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In Brazil, floating footbridges to overcome flooding

With his calf bandaged, Paulo Roberto Heineck limps forward on a floating footbridge. This temporary bridge was built. installed by the army to break the isolation of rural localities in southern Brazil hit by devastating floods.

The 54-year-old mason who recently had surgery has no choice: he must go to his doctor. “Everything is more difficult now, but we must move forward,” sighs this father of three children.

Using these footbridges is the only way to connect the neighboring towns of Travesseiro and Marques de Souza, after the destruction of bridges swept away by the flood of the Forqueta, one of the rivers which cross the Taquari Valley.

This agricultural region was one of the most affected by the unprecedented floods which devastated the State of Rio Grande do Sul, leaving nearly 170 dead and several dozen missing.

In Brazil, floating footbridges to overcome flooding

People cross the Forqueta River on a floating footbridge, in Lajeado, Brazil, May 21, 2024 © AFP – Nelson ALMEIDA

At least six bridges were destroyed in this area located northwest of the regional capital Porto Alegre, preventing many residents from traveling by car from one municipality to another, to work, go to school or home. the doctor.

To avoid being totally cut off from the world, they must use floating footbridges like those used by the military in times of war to cross rivers afterwards the bombing of bridges.

But these footbridges are as essential as they are precarious: with each new bad weather, they risk being swept away by the current, forcing the authorities to install them news.

– In single file –

“The population had to be able to resume their usual habits as quickly as possible. as quickly as possible,” explains Colonel Rafael Farias, 46 years old. This is why the army has temporarily installed around five footbridges in the Taquari Valley.

In Brazil, floating footbridges to overcome flooding

People cross the Forqueta River on a floating footbridge, in Lajeado, Brazil, May 21, 2024 © AFP – Nelson ALMEIDA

These narrow metal bridges rest on floating structures that resemble canoes arranged a few meters apart across the width of the river.

To borrow them, you have to walk in single file and wearing a life jacket – distributed by soldiers posted on each bank – is obligatory.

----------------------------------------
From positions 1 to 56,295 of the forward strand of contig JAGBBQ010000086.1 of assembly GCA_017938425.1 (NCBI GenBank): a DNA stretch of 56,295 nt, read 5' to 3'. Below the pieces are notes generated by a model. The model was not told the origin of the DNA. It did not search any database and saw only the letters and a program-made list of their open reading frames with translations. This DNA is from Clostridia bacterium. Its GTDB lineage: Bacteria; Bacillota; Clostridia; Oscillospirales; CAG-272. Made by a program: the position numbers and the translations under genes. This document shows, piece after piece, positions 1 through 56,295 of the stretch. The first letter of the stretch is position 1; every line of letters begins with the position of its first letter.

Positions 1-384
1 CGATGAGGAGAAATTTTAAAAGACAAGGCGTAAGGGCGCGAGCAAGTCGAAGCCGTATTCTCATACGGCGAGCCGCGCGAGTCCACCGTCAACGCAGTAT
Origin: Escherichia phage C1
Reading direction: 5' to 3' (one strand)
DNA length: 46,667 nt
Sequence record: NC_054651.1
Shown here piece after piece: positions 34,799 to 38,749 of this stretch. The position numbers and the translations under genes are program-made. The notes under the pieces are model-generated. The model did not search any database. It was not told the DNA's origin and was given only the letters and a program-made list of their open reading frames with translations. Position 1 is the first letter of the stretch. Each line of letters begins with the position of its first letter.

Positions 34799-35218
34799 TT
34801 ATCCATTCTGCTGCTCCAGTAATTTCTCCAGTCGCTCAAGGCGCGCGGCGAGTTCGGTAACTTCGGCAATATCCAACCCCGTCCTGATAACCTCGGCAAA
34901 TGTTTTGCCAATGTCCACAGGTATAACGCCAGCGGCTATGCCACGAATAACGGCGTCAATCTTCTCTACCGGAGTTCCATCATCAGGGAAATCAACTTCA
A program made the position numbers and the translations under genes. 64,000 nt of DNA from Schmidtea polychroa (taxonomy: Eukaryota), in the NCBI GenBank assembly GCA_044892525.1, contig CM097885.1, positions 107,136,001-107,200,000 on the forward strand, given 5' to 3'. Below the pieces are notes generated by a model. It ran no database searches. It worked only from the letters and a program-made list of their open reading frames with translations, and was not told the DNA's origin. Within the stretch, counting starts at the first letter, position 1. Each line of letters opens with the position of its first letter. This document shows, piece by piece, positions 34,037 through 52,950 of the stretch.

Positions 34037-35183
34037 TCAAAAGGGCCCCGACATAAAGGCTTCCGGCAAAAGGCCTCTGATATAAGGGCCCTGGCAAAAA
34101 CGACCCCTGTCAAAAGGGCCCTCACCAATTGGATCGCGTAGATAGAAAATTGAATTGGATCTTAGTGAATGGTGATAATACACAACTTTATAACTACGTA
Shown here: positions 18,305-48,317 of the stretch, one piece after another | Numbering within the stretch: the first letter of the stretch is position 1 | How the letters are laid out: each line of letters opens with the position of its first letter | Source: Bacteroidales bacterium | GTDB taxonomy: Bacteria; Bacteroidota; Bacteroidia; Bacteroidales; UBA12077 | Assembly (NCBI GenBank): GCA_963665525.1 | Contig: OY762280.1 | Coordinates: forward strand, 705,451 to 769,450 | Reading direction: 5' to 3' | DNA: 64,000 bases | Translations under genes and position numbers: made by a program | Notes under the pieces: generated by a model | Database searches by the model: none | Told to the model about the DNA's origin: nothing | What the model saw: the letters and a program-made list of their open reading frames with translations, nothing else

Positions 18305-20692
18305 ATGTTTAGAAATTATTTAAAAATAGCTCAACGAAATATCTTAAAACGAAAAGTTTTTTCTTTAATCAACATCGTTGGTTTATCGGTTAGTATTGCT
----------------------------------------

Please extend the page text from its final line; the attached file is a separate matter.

Juliani Steffer, seller of clothes of 36 years old, arrives out of breath on the other bank, after carrying a bag full of goods.

“People have lost a lot of clothes. As they cannot can't come to my shop by car, I go to their house”, she says.

Due to a lack of lighting, the footbridge has to close at dusk, which forces residents to return early so as not to risk being stuck on the other bank.

And the crossing is sometimes simply impossible: the footbridge that take Paulo Roberto Heineck and Juliani Steffer to connect Travesseiro to Marques de Souza had to be withdrawn twice, the last on Tuesday, due to a strong current.

– Mobilization –

A similar problem affected two other important footbridges, installed side by side to connect the localities of Arroio do Meio and Lajeado, the largest town in the Taquari Valley, with its 90,000 inhabitants.

Thousands of motorists had gotten into the habit of parking on either side to access the neighboring town on foot.

But these footbridges were damaged on May 23 by violent rainfall. New footbridges began to be installed on Wednesday, the army told AFP.

In Brazil, floating footbridges to overcome flooding

Soldiers recover life jackets used by people who crossed the Forqueta River on a floating footbridge, May 21, 2024, in Lajeado, Brazil © AFP – Nelson ALMEIDA

In the meantime, residents had to cross the river on boats provided by the military and volunteers, carrying only 25 people per trip.

The floating footbridges “are fundamental, because Arroio do Meio does not live without Lajeado and vice versa”, judges Marta Rosani da Silva, a 41-year-old street sweeper who is waiting to make the crossing with her child.

She hopes that the car bridges will be rebuilt soon. “Before, it took us an hour to get to work, now it takes three hours.”

The federal government has promised to fund the reconstruction of the bridges, but residents are mobilized to obtain additional funds from the private sector.

For the Travesseiro bridge, the estimated cost amounts to 10 million reais (approximately 1.8 million euros). “The authorities promised us four million, we are still missing six,” calculates Cristina Lammers, 44, entrepreneur in the food industry.

All rights of reproduction and representation reserved. © (2024) Agence France-Presse

Teilor Stone

By Teilor Stone

Teilor Stone has been a reporter on the news desk since 2013. Before that she wrote about young adolescence and family dynamics for Styles and was the legal affairs correspondent for the Metro desk. Before joining Thesaxon , Teilor Stone worked as a staff writer at the Village Voice and a freelancer for Newsday, The Wall Street Journal, GQ and Mirabella. To get in touch, contact me through my teilor@nizhtimes.com 1-800-268-7116